Last but not least, there is MikhaiI Gorbachev himself, who is striving, successfully so far, to keep the transition in check. Unlike Nikita Khrushchev, his reform predecessor, Gorbachev is obviously aware of the fact that bureaucratic resistance, fed by vested interests, will not yield without serious pressure from below. Hence his promise last year to give workers more power in the factories, including the right to elect their managers (a pledge that so far has remained purely verbal). Hence his current project to grant power to the soviets, though under party supervision. Hence, however carefully the process is stage-managed, the possibility that the movement from below will at some point rewrite the script altogether. Zaslavskaya's description, inaccurate for now, could thus turn out to be a farsighted forecast.

How should a Western left-winger react to these momentous prospects, beyond a natural joy that the Bolshevik birthplace is once again stirring? To set the problem in context, I shall first sum up the attitude of two friends who have written at length on the subject. One of them sees Gorbachevism in a historical perspective, as the result of deep social transformations that kept up their subterranean work even during the Leonid Brezhnev years. He thinks leftist critics, myself included, are too harsh on the Eastern European leaders because we tend to judge them by socialist standards. The Soviet Union, he sometimes says privately, exaggerating for effect, has to be looked at independently of the question of socialism--though he is well aware that to take Marx, the Revolution's early aspirations and even today's vocabulary out of the story is to deprive it of its major dramatic dimension. My other friend, on the contrary, thrilled by the new regime's references to the power of the people or the strength of the soviets, tends to view Gorbachev as the Lenin of our day, and his companions as the latter-day Bolsheviks. He can do so only by exaggerating the socialist convictions of Gorbachev's entourage and by turning a blind eye to the controversy over egalitarianism.

Fortunately, the charge that Gorbachev is a "traitor to the cause," which in the past would have dominated the debate, can now be dismissed quite lightly. Thirty-five years after Stalin's death, and thirty-two after Khrushchev's indictment of his crimes, the Soviet "model" lies shattered in pieces. Even the Communist Parties no longer hold it up as an example. Naturally, if one still saw Leonid Brezhnev as the champion of the rights and powers of the Soviet worker, or Konstantin Chernenko as the herald of world revolution, then the current reformers (who often talk, Thatcher-like, of ""idlers and loafers" and clearly do not give a damn about the spread of socialism) could easily be branded in traditional fashion betrayers and gravediggers. But they are nothing of the sort. Let us not invent ne$fictions. Egalitarianism was condemned in Russia by Stalin over half a century ago, and the interests of world revolution were subordinated to those of the Soviet state even earlier than that.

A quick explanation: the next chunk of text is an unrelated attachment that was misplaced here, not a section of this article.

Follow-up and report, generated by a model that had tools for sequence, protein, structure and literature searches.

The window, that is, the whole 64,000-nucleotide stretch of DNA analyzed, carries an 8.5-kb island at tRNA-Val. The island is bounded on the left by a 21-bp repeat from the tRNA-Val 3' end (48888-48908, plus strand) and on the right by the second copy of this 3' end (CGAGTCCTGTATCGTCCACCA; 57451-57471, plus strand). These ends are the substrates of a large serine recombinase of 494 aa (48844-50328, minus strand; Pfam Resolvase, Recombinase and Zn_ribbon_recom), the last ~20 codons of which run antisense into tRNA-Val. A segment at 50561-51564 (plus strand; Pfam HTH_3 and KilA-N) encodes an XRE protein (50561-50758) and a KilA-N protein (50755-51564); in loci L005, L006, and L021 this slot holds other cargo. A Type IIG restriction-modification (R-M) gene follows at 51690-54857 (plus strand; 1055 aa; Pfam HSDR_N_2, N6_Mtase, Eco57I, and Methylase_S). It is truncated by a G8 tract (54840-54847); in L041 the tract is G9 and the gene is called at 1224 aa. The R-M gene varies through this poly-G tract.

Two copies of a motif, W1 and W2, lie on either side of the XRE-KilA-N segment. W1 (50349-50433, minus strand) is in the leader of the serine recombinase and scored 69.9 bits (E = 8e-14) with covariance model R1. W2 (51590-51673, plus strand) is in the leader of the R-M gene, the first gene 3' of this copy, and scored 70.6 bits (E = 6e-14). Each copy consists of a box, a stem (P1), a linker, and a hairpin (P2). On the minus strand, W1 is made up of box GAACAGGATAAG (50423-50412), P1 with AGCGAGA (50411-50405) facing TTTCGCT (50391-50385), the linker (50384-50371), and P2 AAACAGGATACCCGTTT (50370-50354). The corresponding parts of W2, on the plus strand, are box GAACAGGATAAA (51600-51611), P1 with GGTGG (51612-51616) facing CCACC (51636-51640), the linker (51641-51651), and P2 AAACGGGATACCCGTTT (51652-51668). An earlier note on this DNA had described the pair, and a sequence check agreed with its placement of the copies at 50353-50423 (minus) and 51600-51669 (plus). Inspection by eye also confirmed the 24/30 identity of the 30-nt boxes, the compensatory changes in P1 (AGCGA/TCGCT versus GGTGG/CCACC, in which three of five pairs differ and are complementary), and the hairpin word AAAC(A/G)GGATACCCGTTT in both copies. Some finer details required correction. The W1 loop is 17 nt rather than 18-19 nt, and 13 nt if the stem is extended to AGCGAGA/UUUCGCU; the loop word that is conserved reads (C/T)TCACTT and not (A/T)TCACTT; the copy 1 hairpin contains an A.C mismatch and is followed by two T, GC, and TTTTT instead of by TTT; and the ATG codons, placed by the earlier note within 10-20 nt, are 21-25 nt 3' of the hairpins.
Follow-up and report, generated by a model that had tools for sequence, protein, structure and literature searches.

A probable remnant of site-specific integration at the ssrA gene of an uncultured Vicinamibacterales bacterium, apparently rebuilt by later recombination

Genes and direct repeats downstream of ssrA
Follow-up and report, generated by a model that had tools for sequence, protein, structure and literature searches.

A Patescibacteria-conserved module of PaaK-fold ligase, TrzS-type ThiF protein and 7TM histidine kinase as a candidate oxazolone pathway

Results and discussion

The reformers represent a break not with socialist planning but with a command economy at the end of its tether. They have a growing awareness that available resources leave little room for extensive methods of expansion and that science cannot develop in a political straitjacket. They are carried along by popular discontent with the fact that, seventy years after the Revolution, people still have to waste several hours a day standing in line and estranged couples have to stick together because housing waiting lists are so long. The reformers express the aspirations of a new generation, less frightened and more educated, one resenting hypocrisy and the revolting gap between slogans and reality, a generation that demands both a better life and greater freedom. But they also express the aspirations of the "haves" who would like to have more, of all the Fyodorovs who are convinced that they deserve to be much more equal than others.

In a way, two centuries after 1789, the Russians are following in French footsteps. Freedom of thought, of speech, of assembly, the rule of law--perestroika, in a sense, is also Russia's unaccomplished bourgeois revolution. And we are right to hail this development. Bourgeois freedoms are not negligible, particularly in a country where heroic exploits were coupled with inhuman arbitrariness. Socialism, in fact, never intended to abolish bourgeois freedoms. It called them "formal" freedoms because, after the revolution, they were to be filled with economic and social content, without which they remain both precious and, at the same time, somewhat phony.